Performance Matters: Aligning People, Processes, & Policies

Alignment.  It’s not just about getting into your favorite yoga pose properly.

If you work in any large organization, you’ve probably heard the term.  But alignment isn’t just for large organizations.  And while alignment is about getting your vision and and tactics in synch with one another to maximize productivity, it’s not as mysterious a concept as many seem to think.  But there’s a big question to be answered when trying to create more aligned organizations.  So where should we start?

Effective alignment begins with the customer!

It doesn’t matter if we are trying to align a single department or an entire organization, everything we do in any organization is about serving a customer or client.  So when we build policies, assign roles to people, or build organizational charts and processes we have to begin with the needs of the customer.  Sure, we have to make sure everything we do is compliant with laws and regulations, but when we focus on customers in that context, great things can happen.

At the moment, Performance Strategies Group is in middle of a stakeholder relations research on behalf of a client as part of a strategic planning engagement.  That means we are helping our client to identify customer’s opinions about products, their needs, frustrations, and even the reputation of the organization itself,  Yes, we’re also getting feedback from staff, board members, and other appropriate constituencies, but this, or any other organization doesn’t understand the customer’s experience and how easy or difficult it makes them to do business with us, alignment efforts are little more than a lab experiment.  

Whether you’re a CEO, a sales advisor, or a quality control engineer, you have to talk to your clients.  Okay, we will get off our soap box.  Enough said.

If you’ve found this piece insightful, please share it with our friends and peers.  And if you’d like to know how Performance Strategies Group helps clients with strategic planning, alignment, and stakeholder relations–including customers–email Principal Consultant, Jim Owens, at jim@psghsv.com

Advertisements
Standard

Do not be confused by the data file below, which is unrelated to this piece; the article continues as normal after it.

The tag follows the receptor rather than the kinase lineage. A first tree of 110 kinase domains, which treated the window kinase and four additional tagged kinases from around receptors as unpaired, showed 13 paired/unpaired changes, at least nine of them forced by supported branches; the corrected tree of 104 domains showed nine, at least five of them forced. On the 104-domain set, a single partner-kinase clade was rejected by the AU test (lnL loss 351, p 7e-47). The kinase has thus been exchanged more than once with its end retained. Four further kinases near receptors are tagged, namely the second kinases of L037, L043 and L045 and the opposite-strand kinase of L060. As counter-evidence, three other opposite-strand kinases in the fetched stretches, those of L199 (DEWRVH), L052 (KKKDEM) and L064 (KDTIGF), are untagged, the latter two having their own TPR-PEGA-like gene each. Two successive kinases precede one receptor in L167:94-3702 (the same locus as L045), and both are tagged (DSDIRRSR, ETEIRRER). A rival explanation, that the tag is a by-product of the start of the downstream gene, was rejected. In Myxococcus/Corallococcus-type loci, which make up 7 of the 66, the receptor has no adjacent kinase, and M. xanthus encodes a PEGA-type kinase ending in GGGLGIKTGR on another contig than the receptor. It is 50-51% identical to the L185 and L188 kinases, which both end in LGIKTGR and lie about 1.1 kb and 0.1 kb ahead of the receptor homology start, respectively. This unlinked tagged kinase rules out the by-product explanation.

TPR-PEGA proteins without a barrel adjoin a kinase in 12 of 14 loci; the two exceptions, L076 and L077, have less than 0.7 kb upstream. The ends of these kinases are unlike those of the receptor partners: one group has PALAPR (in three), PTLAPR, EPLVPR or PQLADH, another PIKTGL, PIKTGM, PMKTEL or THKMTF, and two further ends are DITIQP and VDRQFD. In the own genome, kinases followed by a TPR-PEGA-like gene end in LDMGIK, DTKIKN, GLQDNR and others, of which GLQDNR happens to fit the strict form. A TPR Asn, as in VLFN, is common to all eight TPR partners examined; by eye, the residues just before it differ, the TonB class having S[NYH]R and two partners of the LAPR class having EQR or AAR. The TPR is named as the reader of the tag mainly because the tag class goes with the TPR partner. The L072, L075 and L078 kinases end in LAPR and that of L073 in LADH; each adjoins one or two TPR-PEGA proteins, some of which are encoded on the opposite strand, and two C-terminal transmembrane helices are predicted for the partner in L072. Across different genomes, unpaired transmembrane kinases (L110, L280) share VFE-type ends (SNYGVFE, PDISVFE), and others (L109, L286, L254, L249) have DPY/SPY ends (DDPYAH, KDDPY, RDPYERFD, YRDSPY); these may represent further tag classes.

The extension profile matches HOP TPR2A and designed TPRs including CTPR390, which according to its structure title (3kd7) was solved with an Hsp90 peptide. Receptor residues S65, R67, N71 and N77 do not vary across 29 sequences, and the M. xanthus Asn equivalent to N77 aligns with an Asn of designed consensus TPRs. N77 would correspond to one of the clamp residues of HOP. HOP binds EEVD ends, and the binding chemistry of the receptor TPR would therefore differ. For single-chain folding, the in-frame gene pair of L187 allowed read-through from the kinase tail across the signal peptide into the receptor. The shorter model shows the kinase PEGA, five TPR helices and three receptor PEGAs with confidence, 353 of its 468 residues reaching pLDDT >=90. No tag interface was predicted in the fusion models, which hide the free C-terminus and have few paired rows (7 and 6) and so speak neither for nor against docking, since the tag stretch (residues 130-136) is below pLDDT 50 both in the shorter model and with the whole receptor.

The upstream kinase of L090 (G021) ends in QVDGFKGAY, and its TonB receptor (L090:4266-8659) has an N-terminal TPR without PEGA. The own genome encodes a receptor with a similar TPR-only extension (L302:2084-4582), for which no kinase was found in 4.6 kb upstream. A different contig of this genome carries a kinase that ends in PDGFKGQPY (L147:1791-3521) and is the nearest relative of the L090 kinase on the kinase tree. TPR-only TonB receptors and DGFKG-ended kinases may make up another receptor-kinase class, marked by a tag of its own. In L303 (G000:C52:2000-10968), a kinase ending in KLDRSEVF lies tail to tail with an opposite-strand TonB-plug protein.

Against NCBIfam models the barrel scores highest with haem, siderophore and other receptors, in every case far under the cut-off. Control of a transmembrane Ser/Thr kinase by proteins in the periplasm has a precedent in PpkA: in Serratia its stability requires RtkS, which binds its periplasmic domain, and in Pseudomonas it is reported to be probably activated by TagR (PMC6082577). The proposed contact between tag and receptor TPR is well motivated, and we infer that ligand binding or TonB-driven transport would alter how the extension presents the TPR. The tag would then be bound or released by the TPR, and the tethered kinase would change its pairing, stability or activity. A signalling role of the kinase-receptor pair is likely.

Performance Matters: Moving the Needle of Productivity

As we’ve discussed here before, we really only have four options for creating change in our world. We domoreof the things we are doing.  We can do lessof them.  We can do them better or we can do them differently. Sometimes, doing things differently can have a dramatic and immediate impact on our productivity.  But doing things differently, may only require a modest change in our approach to becoming more productive.

Many of us start out days with a simple list of things to do.  And as the day grows, we find ourselves adding to that list until it seems impossible to do them all.  Yet we just continue trying to trudge through those tasks.

Ugh.

But there’s a better way to move the dial of our own productivityand it is one that will feed our sales effectiveness, the productivity of our teams, and make us more effective leaders.  After you’ve made your list of things to do for the day, look over it and decide which two or three items move the needle in terms of gauging your success.  Then make sure do those things first.

Let’s say you’re an account exec with sales goals.  You probably have to write reports, enter data in to a CIF system, and maybe even fill out an expense report. You also have to follow up with clients, reach out to new prospects, and stay abreast of market and product matters. But what moves the needle in terms of reaching is your relationship with people, right? So every day, before you do anything else, identify and block time on your calendar for making those calls, sending those emails and seeing those people.

Once you’ve done so, list who—the most important prospects and clients—you need to talk to and what you want to accomplish before you connect.  Invest a few minutes in this kind of preparation and you will find yourself more effective in those interactions and reaching your goals more consistently.  And don’t let yourself connect with anyone other than those most important prospects and clients.

To make sure you protect this time for interactions–building relationships–with your prospects and clients, ask your team—including your boss—not to interrupt you while you’re on the phone, sending emails and working through this process.  You will be surprised how much they will appreciate your focus and how willingly they will respond if they know you will be undistracted when you do interact with your team once you’ve completed the tasks that move the dial in terms of your sales effectiveness.

Next week, we’ll talk some more about we can capitalize more on how doing things a little differently can lead to big gains in productivity!

If you’ve found this information useful, encouraging or might see a way we can improve it, please let us know.  And if you thought it was encouraging, forward it to a friend so they can subscribe. If you want to find out more about how Performance Strategies Group helps organizations sharpen their sales skills and processes, builds more self-aware and resilient leaders, or equip more productive teams, find us online at www.performancestrategiesgrouponline.com, or call Principal Consultant, Jim Owens @ 256-426-0305

Standard